Update (3/9/12): Essential Research. The weekly Essential Research report has fallen into line with other pollsters in giving Labor its best result since March – up two on the primary vote to 34% and one on two-party preferred to 55-45. The Coalition is down a point to 48%, a result it last recorded in April. The poll has 52% thinking female politicians receive more criticism than men against only 4% less and 40% the same, and very similar results (51%, 6% and 38%) when the subject is narrowed to Julia Gillard specifically. A question on which groups would be better off under Labor or Liberal governments find traditional attitudes to the parties are as strong as ever, with wide gaps according to whether the group could be perceived as disadvantaged (pensioners, unemployed, disabled) or advantaged (high incomes, large corporations, families of private school children). Respondents continue to think it likely that a Coalition government would bring back laws similar to WorkChoices (51% likely against 25% unlikely).

Deakin is centred on the eastern Melbourne suburbs of Blackburn and Nunawading, extending eastwards along the Maroondah Highway to Ringwood and Croydon. At the time of its creation in 1937, it extended far beyond the city limits to Seymour and Mansfield, before gaining its wholly urban orientation in 1969 and assuming roughly its current dimensions when it lost Box Hill in 1977. A trend of increasing Liberal support as the electorate extends eastwards is better explained by diminishing ethnic diversity than by income: in its totality, the electorate is demographically unexceptional on all measures. The redistribution has cut the Labor margin from 2.4% to 0.6% by transferring 18,000 voters in the electorate’s south-western corner, at Blackburn South, Burwood East and Forest Hill, to Chisholm; adding 8000 voters immediately to the east of the aforementioned area, around Vermont South, from Aston; and adding another 10,000 voters around Croydon in the north-east, mostly from Casey but partly from Menzies.

For a seat that has been marginal for most of its history, Deakin has brought Labor remarkably little joy: prior to 2007 their only win was when the Hawke government came to power in 1983, and it was lost again when Hawke went to the polls early in December 1984. The seat presented a picture of electoral stability from 1984 to 2001, when Liberal margins ranged only from 0.7% to 2.5% (although the 1990 redistribution muffled the impact of a 4.3% Liberal swing). Julian Beale held the seat from 1984 until the 1990 election, when he successfully challenged controversial Bruce MP Ken Aldred for preselection after redistribution turned the 1.5% margin into a notional 1.9% margin for Labor. Aldred accepted the consolation prize of Deakin and was able to retain the seat on the back of a sweeping statewide swing to the Liberals. He was in turn unseated for preselection in 1996 by Phillip Barresi, who held the seat throughout the Howard years.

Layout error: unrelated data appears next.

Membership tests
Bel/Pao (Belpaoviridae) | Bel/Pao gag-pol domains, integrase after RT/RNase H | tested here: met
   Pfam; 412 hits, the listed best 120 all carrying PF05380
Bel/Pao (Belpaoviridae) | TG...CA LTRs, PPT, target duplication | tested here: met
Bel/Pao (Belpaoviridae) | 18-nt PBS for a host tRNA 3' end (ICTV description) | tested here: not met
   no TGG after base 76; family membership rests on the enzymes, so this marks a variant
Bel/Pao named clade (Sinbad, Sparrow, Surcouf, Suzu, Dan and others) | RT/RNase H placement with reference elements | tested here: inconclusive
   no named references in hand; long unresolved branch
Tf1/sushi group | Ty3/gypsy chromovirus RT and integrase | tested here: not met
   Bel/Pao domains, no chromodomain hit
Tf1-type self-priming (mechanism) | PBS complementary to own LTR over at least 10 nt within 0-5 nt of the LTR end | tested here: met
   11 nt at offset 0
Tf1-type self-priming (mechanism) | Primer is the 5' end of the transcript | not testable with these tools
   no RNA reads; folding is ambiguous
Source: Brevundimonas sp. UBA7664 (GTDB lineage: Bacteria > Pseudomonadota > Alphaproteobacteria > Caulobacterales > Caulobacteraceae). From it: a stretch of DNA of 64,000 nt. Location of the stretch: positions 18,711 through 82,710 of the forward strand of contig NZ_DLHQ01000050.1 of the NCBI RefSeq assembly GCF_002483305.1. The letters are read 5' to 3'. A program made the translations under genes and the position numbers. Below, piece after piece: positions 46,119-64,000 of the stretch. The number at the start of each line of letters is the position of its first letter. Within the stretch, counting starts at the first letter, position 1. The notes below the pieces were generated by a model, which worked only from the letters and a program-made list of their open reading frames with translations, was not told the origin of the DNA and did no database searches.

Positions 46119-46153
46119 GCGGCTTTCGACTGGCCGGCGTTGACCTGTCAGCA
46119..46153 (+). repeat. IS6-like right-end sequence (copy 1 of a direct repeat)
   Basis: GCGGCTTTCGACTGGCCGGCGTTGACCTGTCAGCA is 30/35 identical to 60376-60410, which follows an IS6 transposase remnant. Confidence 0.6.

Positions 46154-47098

Barresi emerged from the 2004 election with a margin of 5.0%, the biggest the Liberals had known in the seat since 1977. The substantial swing required of Labor at the 2007 election was duly achieved with 1.4% to spare by Mike Symon, whose background as an official with the Left faction Electrical Trades Union had made him a target of Coalition barbs amid controversies surrounding union colleagues Dean Mighell and Kevin Harkins. Symon’s preselection had been achieved through a three-vote win over local general practitioner Peter Lynch, the candidate from 2004, who reportedly won the 50% local vote component before being rebuffed by the state party’s tightly factionalised Public Office Selection Committee. Andrew Crook of Crikey reported that Symon had backing from the Bill Shorten-Stephen Conroy Right as a quid pro quo for Left support for Peter McMullin’s unsuccessful bid for preselection in Corangamite. Symon was re-elected in 2010 with a 1.0% swing in the face of an attempt by Phillip Barresi to recover his old seat, which was perfectly in line with the statewide result. He was rated by one source as undecided as Kevin Rudd’s challenge to Julia Gillard’s leadership unfolded in February 2012, but soon fell in behind Gillard.

The Liberal candidate at the next election will be Michael Sukkar, a 30-year-old tax specialist with Ashurt, the law firm previously known as Blake Dawson. Sukkar emerged a surprise preselection winner over John Pesutto, a lawyer and Victorian government adviser said to be closely associated with Ted Baillieu. VexNews reported that also-ran candidates Phillip Fusco, Terry Barnes and Andrew Munroe were eliminated in that order, at which point Pesutto was in first place, state government staffer Michelle Frazer was second, and Sukkar and former Melbourne candidate Simon Olsen were tied for third. After winning a run-off against Olsen, Sukkar crucially managed to sneak ahead of Frazer, who unlike Sukkar would not have prevailed against Pesutto in the final round due to a view among Sukkar’s backers that she “wasn’t up to it”.

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Peter Fray
Peter Fray
Editor-in-chief of Crikey
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